Wednesday, May 27
Having crossed the lock in the night, we continue to cruise towards Edfu, and the spectacular temple of Horus. Immaculately preserved as it was mostly buried in the sand, the intricate carvings of the temple portray the legend of Horus, god of the sky, and his wife Hathor. This afternoon, continue your cruise to Kom Ombo and visit the twin sanctuaries of Sobeck and Haroeris. Located high on the bank above the Nile, carvings on this temple include what is believed to be one of the first representations of a lunar calendar as well as a whole section dedicated to medicine and remarkable ancient medical instruments. [B,L,D]
Thursday, May 28
After a short morning cruise, we arrive in Aswan, where spices, leather, ivory and crocodiles were traded with the ancient African kingdoms of Kush (Nubia) and Axum. View the unfinished Obelisk and once again gain insight into the mathematical prowess and architectural brilliance of the Ancient Egyptians. Continue to the Aswan dam – a modern-day feat which has helped Egypt regulate the Nile’s flow and created a steady water supply in Lake Nasser. This afternoon, board a felucca, a traditional sail boat, and circle Elephantine Island. Conclude the day at the Philae Temple of Isis, transported to its present location when the Aswan dam was built. [B,L,D]
Friday, May 29
Disembark the ship and transfer to the Aswan airport. Fly to Abu Simbel to visit the colossal Temples of Ramses II and his queen Nefertari. Carved out of a mountainside and carried uphill to save them from flooding from the Aswan dam, the temples are also a marvel of modern engineering and international cooperation. Return to Cairo and check into your hotel. [B,L]
Saturday, May 30
Begin your journey towards Alexandria this morning, with a stop at the necropolis of Sakkara. Tour the tomb of Meriruka, a nobleman buried in the shadow of the Step Pyramid. The colorful carvings and paintings of his tomb are lively depictions of everyday life and provide an interesting contrast to the formal and often religious scenes found in the tombs of the pharaohs. View the remarkable Step pyramid of Djoser, designed by the great architect and physician Imhotep. This edifice is believed to be the oldest stone building in the world. After lunch, we continue to Alexandria where we view some of the city’s preserved Greco-Roman artifacts. [B,L,D]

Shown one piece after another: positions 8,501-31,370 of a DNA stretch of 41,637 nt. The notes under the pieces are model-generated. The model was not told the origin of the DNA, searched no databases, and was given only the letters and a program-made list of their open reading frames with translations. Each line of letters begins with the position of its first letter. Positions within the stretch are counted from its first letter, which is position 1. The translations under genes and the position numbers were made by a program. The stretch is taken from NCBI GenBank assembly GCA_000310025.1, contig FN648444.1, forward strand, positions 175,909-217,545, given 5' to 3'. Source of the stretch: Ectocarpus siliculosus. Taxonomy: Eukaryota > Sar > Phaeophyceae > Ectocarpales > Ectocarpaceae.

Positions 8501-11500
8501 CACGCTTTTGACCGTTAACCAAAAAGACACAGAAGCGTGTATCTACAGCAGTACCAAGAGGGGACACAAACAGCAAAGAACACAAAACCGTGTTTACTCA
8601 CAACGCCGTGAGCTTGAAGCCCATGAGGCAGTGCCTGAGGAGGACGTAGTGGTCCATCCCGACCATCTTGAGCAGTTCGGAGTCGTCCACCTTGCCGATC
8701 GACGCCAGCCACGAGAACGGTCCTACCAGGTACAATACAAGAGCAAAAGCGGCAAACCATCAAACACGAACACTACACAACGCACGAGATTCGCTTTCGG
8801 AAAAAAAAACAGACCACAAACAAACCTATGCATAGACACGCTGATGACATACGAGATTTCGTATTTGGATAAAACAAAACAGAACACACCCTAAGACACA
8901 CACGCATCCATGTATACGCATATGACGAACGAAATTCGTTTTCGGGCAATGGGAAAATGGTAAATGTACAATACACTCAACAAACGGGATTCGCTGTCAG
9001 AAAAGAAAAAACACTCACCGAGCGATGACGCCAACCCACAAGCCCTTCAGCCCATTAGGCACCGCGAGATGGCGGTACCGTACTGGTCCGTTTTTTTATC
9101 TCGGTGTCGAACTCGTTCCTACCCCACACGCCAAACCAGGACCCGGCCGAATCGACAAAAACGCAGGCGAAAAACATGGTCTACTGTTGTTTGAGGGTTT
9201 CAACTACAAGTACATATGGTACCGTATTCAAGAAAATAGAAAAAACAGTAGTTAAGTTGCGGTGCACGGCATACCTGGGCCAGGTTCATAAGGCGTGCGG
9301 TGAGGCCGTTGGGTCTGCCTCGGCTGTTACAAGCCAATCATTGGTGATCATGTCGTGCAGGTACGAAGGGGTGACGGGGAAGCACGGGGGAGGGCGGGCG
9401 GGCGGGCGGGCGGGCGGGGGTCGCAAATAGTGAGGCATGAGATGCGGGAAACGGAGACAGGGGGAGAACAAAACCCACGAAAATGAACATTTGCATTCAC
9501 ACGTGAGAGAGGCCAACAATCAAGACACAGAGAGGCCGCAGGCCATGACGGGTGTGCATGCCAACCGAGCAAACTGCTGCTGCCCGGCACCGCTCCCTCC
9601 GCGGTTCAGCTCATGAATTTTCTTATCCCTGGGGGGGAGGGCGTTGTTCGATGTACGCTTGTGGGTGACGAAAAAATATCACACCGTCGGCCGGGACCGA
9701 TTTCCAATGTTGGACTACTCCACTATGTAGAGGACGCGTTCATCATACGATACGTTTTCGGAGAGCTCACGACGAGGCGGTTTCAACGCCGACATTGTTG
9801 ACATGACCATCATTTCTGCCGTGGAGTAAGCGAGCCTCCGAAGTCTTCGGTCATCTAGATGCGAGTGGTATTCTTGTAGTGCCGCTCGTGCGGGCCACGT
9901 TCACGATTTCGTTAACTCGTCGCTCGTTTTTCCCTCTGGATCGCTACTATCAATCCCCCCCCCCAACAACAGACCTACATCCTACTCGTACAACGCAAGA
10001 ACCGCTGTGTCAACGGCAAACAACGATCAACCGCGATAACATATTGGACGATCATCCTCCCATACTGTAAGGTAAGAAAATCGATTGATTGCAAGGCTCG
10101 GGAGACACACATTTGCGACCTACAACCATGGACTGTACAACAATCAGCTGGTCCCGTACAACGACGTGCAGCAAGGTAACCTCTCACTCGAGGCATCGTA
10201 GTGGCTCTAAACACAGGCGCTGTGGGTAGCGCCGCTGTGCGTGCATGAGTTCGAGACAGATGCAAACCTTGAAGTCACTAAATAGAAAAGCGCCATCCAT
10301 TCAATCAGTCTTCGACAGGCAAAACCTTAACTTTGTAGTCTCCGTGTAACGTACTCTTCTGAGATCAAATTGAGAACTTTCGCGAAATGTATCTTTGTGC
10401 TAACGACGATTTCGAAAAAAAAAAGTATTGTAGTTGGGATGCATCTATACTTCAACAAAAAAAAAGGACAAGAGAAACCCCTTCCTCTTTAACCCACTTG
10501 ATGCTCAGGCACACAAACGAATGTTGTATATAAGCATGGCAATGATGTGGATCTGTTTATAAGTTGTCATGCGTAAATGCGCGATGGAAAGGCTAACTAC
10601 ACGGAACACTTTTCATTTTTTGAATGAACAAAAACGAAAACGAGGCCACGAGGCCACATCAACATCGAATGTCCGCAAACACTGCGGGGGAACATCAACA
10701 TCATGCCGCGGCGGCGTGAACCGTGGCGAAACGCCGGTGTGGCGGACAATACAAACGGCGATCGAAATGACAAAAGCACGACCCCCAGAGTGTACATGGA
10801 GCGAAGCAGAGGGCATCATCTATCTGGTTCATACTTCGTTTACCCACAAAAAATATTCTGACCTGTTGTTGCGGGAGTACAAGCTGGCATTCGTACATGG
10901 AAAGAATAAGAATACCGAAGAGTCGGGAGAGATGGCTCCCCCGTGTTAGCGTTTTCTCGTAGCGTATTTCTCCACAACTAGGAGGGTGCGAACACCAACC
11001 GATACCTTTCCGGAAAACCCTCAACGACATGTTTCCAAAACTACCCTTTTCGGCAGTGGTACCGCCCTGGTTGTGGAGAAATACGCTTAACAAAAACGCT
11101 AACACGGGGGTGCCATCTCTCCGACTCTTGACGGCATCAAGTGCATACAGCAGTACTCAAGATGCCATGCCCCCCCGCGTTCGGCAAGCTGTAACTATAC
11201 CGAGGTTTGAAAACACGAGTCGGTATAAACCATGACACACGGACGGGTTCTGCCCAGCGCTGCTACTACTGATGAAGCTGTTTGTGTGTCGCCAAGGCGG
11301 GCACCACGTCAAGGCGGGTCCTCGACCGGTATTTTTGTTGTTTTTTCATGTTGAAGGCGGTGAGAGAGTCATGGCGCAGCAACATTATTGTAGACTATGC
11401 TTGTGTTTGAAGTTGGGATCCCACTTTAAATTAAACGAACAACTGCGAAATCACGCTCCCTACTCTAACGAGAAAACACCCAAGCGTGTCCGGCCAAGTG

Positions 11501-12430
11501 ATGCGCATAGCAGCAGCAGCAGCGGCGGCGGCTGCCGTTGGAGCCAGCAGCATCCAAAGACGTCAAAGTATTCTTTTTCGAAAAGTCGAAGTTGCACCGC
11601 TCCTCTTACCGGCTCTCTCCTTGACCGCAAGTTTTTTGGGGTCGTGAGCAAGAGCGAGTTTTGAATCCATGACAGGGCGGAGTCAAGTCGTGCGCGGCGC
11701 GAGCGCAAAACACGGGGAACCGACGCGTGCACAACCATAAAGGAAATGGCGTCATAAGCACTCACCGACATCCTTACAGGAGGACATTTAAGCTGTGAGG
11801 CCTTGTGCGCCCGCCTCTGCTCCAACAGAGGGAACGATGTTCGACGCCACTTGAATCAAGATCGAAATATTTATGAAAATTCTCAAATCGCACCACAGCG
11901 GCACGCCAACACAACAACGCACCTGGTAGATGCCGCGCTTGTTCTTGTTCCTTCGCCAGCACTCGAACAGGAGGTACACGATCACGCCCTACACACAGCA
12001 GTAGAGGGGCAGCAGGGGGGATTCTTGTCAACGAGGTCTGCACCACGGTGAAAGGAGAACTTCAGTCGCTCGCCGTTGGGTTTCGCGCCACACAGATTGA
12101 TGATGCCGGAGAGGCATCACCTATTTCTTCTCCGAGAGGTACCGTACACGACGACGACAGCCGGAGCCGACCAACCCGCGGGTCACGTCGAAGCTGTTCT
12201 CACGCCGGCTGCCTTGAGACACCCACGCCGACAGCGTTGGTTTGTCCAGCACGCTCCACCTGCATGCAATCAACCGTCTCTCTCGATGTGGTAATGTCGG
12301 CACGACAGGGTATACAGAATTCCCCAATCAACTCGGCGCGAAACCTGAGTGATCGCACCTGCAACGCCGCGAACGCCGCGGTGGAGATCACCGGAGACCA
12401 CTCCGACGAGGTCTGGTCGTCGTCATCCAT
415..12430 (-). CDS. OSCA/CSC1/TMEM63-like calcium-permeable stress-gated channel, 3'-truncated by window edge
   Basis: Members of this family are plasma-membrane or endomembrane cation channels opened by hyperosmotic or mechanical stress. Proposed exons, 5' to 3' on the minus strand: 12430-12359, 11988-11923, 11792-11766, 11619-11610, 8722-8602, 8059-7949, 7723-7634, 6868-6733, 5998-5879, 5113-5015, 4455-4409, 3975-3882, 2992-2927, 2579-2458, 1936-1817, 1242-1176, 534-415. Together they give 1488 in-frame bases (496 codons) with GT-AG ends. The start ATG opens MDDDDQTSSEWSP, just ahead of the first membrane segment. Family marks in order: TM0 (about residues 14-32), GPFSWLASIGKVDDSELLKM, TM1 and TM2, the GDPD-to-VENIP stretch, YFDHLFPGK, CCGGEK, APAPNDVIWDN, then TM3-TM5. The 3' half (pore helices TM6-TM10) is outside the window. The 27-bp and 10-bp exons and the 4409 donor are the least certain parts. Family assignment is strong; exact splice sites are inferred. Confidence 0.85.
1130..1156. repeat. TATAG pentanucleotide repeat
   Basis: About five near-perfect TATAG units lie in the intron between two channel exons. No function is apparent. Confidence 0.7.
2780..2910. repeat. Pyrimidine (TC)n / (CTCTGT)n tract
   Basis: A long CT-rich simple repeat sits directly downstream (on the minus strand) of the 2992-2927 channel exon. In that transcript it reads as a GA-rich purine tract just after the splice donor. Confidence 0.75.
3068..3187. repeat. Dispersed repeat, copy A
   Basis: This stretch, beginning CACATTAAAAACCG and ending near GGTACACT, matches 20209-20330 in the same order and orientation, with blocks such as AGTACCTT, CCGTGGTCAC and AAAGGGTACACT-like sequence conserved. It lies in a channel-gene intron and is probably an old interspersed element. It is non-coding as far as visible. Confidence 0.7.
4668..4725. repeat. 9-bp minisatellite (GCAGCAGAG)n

Sunday, May 31
This morning is dedicated to the visit of Alexandria’s modern library with a special presentation on the many Ancient Egyptian Mathematicians who came from this part of the country. After lunch we return to Cairo for one last evening in Egypt.
Gather for a festive farewell dinner and reception at the hotel. [B,D]
Monday, June 1
Check out of your hotel and transfer to Cairo’s International Airport for your return flight to the United States.
May 21 – 24,
Cairo: Le Meridien Pyramids Hotel. Located 30 minutes from downtown Cairo, Le Meridien Pyramids Hotel in Giza, is a four-star deluxe property located within walking distance of the pyramids. This property offers air conditioning, satellite TV, phones, music, mini-bar, and balcony, and features a gym and attractive swimming pool with outdoor bar service.
May 24 – 25,
Luxor: Sonesta St. George Hotel. In a city of ancient pharaonic treasures, the new 224-room Sonesta St. George Hotel redefines magnificence in contemporary style. Located on the banks of the Nile River, guest rooms offer breathtaking views and comfortable accommodations.
May 25 – 29,
Nile Cruise: M.S. Tulip. The elegantly appointed M.S. Tulip offers 69 outside cabins with large panoramic windows, private bathrooms, hair dryers, televisions, mini-bars, telephones, and music. On-board services include a large dinning room, comfortable lounge, and gift shop. The ship is fully air conditioned and has an upper-deck plunge pool.
May 29 – 30 and May 31 – June 01,
Cairo: Sofitel El Gezirah Hotel. The Sofitel El Gezirah Hotel is located on Gezirah Island, in the middle of the Nile River. This brand-new hotel is elegantly decorated, and offers guests access to its eight restaurants, as well as lounges, gardens, spa, and pool. All rooms feature a private balcony, air-conditioning, satellite television, direct-dial telephone, a mini-bar, safe, and bathrooms with hairdryers.
May 30 – 31,
Alexandria: Helnan Palace. The Helnan Palestine Hotel in Alexandria is a five-star deluxe hotel with a unique location on the Mediterranean Sea. Its bay is surrounded by the vast magnificent gifts of nature, 350 acres of gardens and golden sandy beaches. The hotel faces one of the historical landmarks in Alexandria “Montaza Royal Palace” that was once the site of the late Egyptian Royal Family. All rooms have air-conditioning, mini-bar, cable and satellite TV and telephone.
Itinerary subject to change. Items may be added and particular events may be rescheduled for alternate days. Scheduling of musical performances is tentative; final choices will be made once the July schedules are available.